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Children and young people as coresearchers in qualitative research

Date:11 October 2020
Author:Malou Luchtenberg
Eduard Verhagen, Els Maeckelberghe, Laura Postma and Malou Luchtenberg
Eduard Verhagen, Els Maeckelberghe, Laura Postma and Malou Luchtenberg


In the case study presented here we use a collaborative method to improve data analysis and research outcomes by engaging and involving children of the public. Several activities made the outputs of our research more (and freely) accessible for both academics (by open access publishing) and the public (through videos, an interview and poster presentation on the international iCAN conference by young people).


In a larger study, we collected the experiences of children and young people regarding their participation in medical research in order to provide recommendations for improving children’s participation in research. Researchers should be wary of interpretation bias when analyzing data of qualitative studies. Qualitative research includes a subjective component that calls for reflexivity. Because the life experiences and social situations of children differ from those of adults, their interpretations of data derived from interviews with children may differ from adults’ interpretations. There is little evidence in the literature on how children could be effectively involved in scientific data analysis.


We involved children as co-researchers in our data analysis to improve reflexivity of our team. We aimed to contribute to the body of knowledge on how to involve children in data analysis, and reflected on the involvement process from the perspective of adults and children. We developed a two-phase method for involving children in identification of themes from raw data in one-on-one sessions with an adult researcher (phase one) and further exploration of these themes in groups (phase two). Our co-researchers were school children aged 10-14. In a follow-up project we collaborated with young people aged 17-18. They used this project for a school assignment (profielwerkstuk), thereby creating a situation that is mutually beneficial.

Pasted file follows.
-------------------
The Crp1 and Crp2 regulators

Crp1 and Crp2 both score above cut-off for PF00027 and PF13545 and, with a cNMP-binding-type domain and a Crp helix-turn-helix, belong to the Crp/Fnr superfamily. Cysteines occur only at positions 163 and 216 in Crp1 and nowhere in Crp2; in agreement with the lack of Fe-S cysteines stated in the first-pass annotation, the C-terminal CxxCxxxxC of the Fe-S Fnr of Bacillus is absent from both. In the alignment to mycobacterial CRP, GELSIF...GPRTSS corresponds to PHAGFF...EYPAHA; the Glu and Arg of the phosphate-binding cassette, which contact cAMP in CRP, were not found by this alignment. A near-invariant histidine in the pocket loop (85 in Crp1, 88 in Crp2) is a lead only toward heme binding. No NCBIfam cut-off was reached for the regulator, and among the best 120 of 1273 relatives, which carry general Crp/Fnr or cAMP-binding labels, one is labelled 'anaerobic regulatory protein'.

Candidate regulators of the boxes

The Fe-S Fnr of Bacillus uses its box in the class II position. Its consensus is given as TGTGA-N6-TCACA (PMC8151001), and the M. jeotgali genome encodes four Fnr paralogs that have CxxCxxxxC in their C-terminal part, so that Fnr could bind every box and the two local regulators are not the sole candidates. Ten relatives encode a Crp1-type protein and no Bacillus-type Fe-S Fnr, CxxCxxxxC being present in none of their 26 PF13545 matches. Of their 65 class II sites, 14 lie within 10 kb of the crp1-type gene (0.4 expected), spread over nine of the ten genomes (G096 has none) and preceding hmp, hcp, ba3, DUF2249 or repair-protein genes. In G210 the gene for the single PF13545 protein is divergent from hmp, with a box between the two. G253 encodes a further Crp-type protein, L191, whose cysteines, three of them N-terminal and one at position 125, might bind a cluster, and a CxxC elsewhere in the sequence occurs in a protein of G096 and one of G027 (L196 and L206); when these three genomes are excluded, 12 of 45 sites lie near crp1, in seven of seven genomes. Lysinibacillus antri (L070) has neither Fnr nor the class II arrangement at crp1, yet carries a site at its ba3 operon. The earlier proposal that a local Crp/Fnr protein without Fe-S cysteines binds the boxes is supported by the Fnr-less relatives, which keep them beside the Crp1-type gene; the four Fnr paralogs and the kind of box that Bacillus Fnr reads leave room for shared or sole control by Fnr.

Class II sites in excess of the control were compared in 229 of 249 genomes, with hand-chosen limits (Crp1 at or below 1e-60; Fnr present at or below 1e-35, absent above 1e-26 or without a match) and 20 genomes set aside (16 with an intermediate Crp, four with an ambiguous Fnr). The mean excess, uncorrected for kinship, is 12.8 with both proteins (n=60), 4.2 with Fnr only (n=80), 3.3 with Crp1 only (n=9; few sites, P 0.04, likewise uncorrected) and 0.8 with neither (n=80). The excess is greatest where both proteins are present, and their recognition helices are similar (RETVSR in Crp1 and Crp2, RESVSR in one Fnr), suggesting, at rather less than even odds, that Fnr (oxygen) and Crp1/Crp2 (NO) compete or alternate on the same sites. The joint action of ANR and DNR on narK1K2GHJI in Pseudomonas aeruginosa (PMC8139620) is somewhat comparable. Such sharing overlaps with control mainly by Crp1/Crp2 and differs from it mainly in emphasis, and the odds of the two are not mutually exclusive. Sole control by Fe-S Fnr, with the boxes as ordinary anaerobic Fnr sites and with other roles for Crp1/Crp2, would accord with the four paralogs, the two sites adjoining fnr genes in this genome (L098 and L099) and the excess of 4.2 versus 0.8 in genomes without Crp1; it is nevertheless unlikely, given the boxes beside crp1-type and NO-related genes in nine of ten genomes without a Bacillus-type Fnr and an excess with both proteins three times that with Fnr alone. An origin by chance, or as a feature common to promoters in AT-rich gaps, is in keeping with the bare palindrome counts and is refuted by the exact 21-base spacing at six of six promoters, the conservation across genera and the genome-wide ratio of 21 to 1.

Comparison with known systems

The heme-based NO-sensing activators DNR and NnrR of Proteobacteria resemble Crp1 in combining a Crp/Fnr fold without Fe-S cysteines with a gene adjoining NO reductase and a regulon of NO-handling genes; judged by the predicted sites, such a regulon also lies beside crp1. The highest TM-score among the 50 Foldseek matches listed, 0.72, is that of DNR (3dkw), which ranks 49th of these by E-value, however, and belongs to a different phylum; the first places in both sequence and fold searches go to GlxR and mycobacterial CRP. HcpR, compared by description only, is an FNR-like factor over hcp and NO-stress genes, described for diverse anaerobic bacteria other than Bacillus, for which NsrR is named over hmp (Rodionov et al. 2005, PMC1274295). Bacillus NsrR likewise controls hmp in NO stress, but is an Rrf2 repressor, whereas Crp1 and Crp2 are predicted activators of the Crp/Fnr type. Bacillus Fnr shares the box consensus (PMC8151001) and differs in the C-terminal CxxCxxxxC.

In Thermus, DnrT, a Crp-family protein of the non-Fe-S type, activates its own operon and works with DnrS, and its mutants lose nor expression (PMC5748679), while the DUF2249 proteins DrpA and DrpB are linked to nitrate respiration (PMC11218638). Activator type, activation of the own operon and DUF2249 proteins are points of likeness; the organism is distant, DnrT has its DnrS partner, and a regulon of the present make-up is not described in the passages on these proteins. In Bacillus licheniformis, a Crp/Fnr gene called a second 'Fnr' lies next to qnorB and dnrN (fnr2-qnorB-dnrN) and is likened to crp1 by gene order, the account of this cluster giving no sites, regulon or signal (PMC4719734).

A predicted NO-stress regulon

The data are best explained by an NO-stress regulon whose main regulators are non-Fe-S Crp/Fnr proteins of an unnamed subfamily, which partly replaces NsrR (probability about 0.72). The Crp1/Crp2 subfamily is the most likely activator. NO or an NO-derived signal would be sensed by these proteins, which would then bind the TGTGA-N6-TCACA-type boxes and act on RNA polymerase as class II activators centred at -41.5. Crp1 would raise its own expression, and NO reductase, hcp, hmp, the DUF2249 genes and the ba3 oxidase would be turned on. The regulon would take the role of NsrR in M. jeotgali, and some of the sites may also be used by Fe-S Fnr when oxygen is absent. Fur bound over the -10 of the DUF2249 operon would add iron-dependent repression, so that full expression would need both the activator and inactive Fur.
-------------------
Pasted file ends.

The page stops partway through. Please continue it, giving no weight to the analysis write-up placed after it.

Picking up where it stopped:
The biggest challenges in our projects with children and young people were to find a method to involve our co-researchers in data analysis while limiting preselection of data by adults and to find a way that it would not be too time intensive. Therefore, we designed a new two-phase approach to be effective in the sense that it involved children to identify themes from original data as well as to explore the themes in more detail, and efficient in the sense of limiting time investment.


All co-researchers were able to identify themes and they considered acting as coresearcher interesting and fun, adding that they had learnt new skills and gained new knowledge. The experience also led them to reflect on health matters in their own lives. The children rated time investment as adequate. The adult researchers considered the process relatively time intensive but worthwhile because the project resulted in a more critical assessment of their own work.


We learned that children tend to include more concrete topics in their analyses, whereas adults analyze data in a more abstract way. Thereby, children and young people brought us back to what is import for them in practice.


Co-researching is challenging and it takes courage. We should start to think differently than our academic minds are used to. This includes training young researchers differently and promoting the use of creative methods (in our projects data presentation by means of videos rather than transcripts and mind maps with colored pencils and sticky notes to perform the analysis). In the future we will work on setting up a long-term collaboration with primary and secondary schools to optimize collaboration between adult researchers and children to help decrease the knowledge gap between academia and society.


About the author

Malou Luchtenberg
Malou Luchtenberg is a PhD candidate at UMCG/SHARE.
She wrote this article together with Prof. Eduard Verhagen, Dr Els Maeckelberghe and Laura Postma.
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